Torak is now fifteen, and although his life is far removed from the modern world we know, he still has to struggle with all the emotions and choices any teenage boy would need to make, but added to that, he knows he is special and must face his destiny and defeat Eostra to save the Clans.

The beauty and the importance of nature and the elements in a prehistoric world have been one of the many joys of reading these books. So much research has gone into hunting methods and the landscape of the world, but with seemingly effortless ease, it blends into an thrilling, action-packed tale of good against evil. The plot it kept tight, and there is no meandering off onto tangents, or introducing characters or plot lines which are merely padding. Every word seems to be necessary and this makes the books incredibly readable and genuine page turners.

I loved every book in the series, and this last one did not disappoint.

“No Way To Say Goodbye” by Anna McPartlin

This is the second Anna McPartlin book I’ve read, and follows the lives of five (the blurb will tell you five, but it’s mostly four) people in the small town of Kenmare in Ireland. Despite the pastel cover with added glitter obviously aimed at the chick-lit market, this book is a whole flight of steps up from the romantic comedy of a chick-lit story. McPartlin creates real people with real lives, and weaves their stories together effortlessly but without any sense of predictability or inevitability.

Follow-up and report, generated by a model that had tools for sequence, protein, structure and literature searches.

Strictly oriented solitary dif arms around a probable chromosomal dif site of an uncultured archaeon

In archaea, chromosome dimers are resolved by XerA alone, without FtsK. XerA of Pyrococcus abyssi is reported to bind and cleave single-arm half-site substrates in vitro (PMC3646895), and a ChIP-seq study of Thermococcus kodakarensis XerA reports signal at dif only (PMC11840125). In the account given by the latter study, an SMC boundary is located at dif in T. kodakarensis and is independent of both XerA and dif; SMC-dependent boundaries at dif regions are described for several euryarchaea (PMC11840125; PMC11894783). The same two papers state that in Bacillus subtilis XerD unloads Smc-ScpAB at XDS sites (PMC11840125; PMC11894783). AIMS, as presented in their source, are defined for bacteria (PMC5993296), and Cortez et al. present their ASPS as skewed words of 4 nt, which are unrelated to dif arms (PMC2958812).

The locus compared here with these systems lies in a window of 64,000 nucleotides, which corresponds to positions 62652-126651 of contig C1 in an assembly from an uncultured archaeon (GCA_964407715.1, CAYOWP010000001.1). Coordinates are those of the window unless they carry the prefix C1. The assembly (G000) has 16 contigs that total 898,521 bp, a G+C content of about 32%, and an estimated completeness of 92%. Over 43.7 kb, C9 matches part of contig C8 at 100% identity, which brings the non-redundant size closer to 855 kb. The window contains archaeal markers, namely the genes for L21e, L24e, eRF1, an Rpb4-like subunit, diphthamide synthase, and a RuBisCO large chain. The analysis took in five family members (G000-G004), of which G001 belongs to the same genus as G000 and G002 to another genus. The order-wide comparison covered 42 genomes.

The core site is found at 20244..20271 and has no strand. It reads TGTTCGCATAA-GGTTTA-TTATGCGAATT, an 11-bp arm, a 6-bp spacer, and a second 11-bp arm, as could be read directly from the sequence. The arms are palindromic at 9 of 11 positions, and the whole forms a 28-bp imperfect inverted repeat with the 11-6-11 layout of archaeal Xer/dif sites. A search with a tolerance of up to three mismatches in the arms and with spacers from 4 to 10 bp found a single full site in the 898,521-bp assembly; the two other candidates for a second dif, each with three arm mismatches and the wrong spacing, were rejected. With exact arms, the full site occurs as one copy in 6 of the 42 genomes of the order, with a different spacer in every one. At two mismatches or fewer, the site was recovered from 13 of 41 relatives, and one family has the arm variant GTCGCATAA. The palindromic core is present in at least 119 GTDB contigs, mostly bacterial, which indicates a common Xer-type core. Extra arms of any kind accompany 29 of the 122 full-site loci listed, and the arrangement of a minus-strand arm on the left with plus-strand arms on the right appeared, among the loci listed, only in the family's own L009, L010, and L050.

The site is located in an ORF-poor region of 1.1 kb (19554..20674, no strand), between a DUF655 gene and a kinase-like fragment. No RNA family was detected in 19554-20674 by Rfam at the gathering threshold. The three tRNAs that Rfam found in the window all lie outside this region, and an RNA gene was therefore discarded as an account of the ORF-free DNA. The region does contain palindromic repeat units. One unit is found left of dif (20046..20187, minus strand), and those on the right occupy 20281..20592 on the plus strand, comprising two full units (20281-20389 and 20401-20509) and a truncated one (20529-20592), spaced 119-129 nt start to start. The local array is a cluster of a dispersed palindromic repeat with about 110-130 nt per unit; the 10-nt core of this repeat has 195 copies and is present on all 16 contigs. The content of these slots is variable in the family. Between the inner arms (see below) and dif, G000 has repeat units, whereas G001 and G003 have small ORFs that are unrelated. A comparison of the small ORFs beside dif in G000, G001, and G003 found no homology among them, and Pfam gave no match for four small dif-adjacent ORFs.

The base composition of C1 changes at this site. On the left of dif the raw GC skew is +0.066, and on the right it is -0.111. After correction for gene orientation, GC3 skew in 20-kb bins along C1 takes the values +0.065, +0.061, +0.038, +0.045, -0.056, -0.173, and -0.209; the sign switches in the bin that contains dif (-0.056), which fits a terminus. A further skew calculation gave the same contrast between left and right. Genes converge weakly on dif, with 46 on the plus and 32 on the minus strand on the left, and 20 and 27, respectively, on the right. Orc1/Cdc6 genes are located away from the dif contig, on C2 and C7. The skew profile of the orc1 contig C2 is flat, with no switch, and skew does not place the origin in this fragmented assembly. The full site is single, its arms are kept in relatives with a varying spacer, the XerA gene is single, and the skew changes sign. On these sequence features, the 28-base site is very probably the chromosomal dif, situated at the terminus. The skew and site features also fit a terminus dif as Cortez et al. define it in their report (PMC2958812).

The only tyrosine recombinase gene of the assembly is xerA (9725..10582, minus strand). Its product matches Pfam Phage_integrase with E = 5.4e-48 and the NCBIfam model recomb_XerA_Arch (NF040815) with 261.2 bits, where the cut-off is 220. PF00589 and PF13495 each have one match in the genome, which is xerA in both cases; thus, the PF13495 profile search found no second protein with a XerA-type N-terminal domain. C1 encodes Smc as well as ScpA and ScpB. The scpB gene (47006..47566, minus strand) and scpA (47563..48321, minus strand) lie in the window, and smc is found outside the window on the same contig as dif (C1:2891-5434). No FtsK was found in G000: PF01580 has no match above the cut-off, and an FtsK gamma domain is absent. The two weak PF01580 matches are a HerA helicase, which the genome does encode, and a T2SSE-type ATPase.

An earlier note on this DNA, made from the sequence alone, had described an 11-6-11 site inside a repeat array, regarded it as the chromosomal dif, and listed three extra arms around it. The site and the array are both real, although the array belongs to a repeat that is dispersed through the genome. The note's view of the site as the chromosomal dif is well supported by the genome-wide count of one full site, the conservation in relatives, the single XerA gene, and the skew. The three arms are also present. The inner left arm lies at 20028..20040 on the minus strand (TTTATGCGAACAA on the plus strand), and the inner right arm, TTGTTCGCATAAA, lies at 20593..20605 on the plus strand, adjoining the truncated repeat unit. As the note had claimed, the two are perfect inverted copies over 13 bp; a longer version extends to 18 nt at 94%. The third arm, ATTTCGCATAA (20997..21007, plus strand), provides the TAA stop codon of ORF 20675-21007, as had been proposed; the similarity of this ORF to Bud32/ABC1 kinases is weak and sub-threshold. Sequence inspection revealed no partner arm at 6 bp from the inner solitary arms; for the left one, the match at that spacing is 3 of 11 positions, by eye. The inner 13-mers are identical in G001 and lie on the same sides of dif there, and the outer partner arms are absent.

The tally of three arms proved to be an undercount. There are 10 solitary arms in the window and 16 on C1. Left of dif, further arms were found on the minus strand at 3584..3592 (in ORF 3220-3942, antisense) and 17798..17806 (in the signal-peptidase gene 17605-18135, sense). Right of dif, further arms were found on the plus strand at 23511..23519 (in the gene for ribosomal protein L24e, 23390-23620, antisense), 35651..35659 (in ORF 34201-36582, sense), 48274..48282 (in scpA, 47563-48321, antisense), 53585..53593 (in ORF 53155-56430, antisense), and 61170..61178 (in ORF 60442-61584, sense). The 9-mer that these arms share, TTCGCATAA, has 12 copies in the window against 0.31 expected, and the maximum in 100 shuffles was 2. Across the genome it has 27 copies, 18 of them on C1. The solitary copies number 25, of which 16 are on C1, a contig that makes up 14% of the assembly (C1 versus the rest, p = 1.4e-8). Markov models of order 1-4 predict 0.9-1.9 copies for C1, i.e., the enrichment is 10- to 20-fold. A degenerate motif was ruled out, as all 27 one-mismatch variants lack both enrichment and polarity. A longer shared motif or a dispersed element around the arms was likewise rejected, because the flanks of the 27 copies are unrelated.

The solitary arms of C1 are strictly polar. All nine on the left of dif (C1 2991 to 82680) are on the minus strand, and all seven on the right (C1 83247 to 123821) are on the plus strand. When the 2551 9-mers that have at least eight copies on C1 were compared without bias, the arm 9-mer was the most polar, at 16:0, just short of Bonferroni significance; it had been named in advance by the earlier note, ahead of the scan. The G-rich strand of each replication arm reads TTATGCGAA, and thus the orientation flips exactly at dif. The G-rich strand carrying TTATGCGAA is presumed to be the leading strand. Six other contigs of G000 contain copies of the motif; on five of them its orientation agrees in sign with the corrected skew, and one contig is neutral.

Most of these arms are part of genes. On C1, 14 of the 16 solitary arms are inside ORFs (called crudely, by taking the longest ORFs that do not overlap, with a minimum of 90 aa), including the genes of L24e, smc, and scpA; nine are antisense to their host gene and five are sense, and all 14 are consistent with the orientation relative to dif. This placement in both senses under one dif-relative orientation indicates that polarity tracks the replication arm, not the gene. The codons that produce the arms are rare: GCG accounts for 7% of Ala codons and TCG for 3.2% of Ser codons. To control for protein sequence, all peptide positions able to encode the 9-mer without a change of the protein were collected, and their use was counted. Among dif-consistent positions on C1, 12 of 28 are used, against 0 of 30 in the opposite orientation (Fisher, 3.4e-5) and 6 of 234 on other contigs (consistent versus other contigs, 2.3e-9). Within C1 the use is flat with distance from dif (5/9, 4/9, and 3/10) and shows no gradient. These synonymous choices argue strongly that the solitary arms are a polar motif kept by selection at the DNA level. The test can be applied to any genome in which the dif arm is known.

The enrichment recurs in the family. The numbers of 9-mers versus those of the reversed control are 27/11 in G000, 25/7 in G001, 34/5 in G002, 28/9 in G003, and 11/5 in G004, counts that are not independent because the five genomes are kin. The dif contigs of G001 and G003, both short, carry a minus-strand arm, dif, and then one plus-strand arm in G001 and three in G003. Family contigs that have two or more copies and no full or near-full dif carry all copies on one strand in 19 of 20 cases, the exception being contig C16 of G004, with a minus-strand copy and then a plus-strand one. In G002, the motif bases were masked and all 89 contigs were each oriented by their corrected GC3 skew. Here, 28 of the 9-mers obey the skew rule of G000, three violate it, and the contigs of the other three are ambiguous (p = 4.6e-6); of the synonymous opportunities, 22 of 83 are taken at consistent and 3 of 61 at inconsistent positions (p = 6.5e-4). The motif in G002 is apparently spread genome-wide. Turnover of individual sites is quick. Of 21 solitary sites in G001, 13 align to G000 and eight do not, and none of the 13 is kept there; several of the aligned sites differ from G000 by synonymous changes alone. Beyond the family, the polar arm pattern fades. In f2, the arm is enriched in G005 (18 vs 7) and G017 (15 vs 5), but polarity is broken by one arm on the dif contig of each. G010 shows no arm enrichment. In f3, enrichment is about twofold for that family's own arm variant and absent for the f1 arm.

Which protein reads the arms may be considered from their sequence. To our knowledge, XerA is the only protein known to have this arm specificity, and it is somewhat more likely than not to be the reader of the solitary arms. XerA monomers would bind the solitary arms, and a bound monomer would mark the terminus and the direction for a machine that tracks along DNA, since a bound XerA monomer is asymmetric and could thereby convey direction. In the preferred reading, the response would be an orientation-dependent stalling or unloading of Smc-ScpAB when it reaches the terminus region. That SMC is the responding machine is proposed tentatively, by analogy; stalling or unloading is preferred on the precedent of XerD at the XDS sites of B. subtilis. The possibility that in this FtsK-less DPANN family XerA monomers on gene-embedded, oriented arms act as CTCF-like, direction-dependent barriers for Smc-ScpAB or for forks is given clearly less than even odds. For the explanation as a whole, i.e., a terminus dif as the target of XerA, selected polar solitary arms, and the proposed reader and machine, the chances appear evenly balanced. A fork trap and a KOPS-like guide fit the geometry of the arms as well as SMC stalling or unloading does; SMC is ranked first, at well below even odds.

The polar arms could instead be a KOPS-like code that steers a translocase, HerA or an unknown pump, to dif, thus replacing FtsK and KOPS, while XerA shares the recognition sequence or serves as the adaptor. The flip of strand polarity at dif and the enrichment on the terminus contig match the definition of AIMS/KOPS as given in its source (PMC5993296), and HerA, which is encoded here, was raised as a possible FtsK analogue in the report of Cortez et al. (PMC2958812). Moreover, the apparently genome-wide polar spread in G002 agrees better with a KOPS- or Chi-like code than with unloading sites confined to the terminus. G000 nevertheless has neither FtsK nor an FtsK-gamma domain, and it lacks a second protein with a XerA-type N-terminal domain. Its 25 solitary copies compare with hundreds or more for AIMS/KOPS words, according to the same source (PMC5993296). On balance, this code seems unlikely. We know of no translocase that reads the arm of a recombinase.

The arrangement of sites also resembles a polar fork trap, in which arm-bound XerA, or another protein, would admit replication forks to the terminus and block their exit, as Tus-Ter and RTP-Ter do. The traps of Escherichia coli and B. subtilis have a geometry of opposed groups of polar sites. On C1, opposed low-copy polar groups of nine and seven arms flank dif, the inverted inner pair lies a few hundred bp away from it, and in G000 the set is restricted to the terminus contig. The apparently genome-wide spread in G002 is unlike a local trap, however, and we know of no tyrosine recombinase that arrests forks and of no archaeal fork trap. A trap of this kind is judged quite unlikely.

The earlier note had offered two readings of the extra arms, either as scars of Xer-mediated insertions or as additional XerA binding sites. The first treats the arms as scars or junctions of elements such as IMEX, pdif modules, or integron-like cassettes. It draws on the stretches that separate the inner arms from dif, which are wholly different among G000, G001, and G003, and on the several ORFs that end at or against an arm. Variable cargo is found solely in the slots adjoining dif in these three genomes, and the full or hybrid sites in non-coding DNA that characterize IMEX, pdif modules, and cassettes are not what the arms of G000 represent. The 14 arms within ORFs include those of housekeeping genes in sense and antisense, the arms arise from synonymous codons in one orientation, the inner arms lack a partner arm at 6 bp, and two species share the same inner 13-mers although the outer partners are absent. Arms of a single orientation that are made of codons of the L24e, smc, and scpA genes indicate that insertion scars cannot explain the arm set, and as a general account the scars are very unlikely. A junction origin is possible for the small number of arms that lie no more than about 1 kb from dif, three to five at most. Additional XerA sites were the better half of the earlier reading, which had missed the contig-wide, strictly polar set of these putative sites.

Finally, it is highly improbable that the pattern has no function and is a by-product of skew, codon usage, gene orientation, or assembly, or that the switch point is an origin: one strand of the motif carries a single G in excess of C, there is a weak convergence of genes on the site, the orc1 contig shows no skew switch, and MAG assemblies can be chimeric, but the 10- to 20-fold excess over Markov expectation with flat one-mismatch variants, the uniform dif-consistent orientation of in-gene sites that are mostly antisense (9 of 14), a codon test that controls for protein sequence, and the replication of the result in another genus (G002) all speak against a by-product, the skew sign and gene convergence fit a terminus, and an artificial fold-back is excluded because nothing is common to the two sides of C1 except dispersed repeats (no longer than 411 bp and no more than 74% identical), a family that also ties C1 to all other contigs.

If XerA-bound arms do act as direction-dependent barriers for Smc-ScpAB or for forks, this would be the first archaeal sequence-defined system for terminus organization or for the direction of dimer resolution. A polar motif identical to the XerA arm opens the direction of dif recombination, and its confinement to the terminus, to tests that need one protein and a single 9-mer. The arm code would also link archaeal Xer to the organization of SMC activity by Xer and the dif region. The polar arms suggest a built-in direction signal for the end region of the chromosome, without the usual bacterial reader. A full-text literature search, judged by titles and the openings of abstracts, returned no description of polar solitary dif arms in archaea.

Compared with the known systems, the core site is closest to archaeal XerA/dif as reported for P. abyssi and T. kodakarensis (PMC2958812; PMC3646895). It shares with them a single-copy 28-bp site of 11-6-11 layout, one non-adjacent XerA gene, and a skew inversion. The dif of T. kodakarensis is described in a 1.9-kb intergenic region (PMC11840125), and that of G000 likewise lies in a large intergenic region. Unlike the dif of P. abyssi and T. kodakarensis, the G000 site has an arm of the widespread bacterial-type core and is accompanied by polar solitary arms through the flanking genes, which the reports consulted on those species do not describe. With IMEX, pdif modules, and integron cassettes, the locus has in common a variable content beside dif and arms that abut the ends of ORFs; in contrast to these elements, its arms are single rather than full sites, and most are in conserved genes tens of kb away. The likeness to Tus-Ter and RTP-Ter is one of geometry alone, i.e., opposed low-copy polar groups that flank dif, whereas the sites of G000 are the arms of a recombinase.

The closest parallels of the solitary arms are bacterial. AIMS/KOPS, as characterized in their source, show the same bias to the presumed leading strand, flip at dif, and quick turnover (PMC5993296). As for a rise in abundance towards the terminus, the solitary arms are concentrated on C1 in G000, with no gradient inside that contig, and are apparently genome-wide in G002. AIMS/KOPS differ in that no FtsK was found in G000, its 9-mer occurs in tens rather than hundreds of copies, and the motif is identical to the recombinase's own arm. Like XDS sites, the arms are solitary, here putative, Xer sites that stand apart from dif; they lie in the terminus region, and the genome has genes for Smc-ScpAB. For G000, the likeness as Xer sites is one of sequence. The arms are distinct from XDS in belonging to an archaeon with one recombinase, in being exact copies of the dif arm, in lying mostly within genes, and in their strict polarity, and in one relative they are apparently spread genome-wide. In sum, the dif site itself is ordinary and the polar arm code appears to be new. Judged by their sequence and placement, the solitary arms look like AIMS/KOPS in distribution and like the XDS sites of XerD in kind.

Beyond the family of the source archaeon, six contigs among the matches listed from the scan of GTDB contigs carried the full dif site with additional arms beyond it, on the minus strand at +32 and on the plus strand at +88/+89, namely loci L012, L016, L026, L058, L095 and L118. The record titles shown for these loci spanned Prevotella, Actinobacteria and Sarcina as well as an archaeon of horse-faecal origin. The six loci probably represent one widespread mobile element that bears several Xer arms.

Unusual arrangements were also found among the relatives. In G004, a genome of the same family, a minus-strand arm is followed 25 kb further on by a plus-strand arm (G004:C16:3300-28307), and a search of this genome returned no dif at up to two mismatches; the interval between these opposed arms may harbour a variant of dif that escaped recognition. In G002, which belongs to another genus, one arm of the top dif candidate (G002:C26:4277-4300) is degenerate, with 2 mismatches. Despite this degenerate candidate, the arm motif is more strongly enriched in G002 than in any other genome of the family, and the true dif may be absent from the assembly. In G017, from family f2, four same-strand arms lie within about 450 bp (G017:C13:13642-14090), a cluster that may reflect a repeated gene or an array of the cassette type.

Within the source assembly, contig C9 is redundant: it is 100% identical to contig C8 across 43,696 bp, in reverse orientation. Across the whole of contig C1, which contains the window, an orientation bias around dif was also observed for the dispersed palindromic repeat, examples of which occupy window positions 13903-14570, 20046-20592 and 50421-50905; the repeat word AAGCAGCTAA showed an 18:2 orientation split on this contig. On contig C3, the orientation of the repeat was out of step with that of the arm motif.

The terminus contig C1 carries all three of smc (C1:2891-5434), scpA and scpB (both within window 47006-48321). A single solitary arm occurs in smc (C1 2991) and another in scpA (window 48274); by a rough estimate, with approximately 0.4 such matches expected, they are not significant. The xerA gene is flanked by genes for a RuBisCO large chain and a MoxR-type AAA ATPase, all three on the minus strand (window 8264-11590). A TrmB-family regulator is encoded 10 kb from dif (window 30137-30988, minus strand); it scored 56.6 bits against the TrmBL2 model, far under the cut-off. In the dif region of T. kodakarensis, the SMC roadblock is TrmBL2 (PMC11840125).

Within a couple of chapters you feel as if you know all the characters as friends, and want to be involved in their stories. I love that their histories are as much a part of the novel as their present day story line is, and all are brought together gradually throughout the book. But it’s not only the main characters who play their part in this book, the town of Kenmare and all the smaller characters who make up the community give a real sense of place to the story.

There is laughter, sorrow, pain, anguish and warmth expressed throughout the book – I even had to hold back the tears at one point. McPartlin has a refreshing way of writing real dialogue, so you get the fun, the sarcasm, the irony and the anguish in the words her characters say, and when that’s backed up with the description of the emotions of them, it gives you very real people who you come to care about.

My only grumble would be that Adam really doesn’t get enough page time to be included in the blurb as one of five main characters, and is actually underdeveloped as a character. I wanted to know more about him, and why he made the choices he did that had a such a far reaching consequences.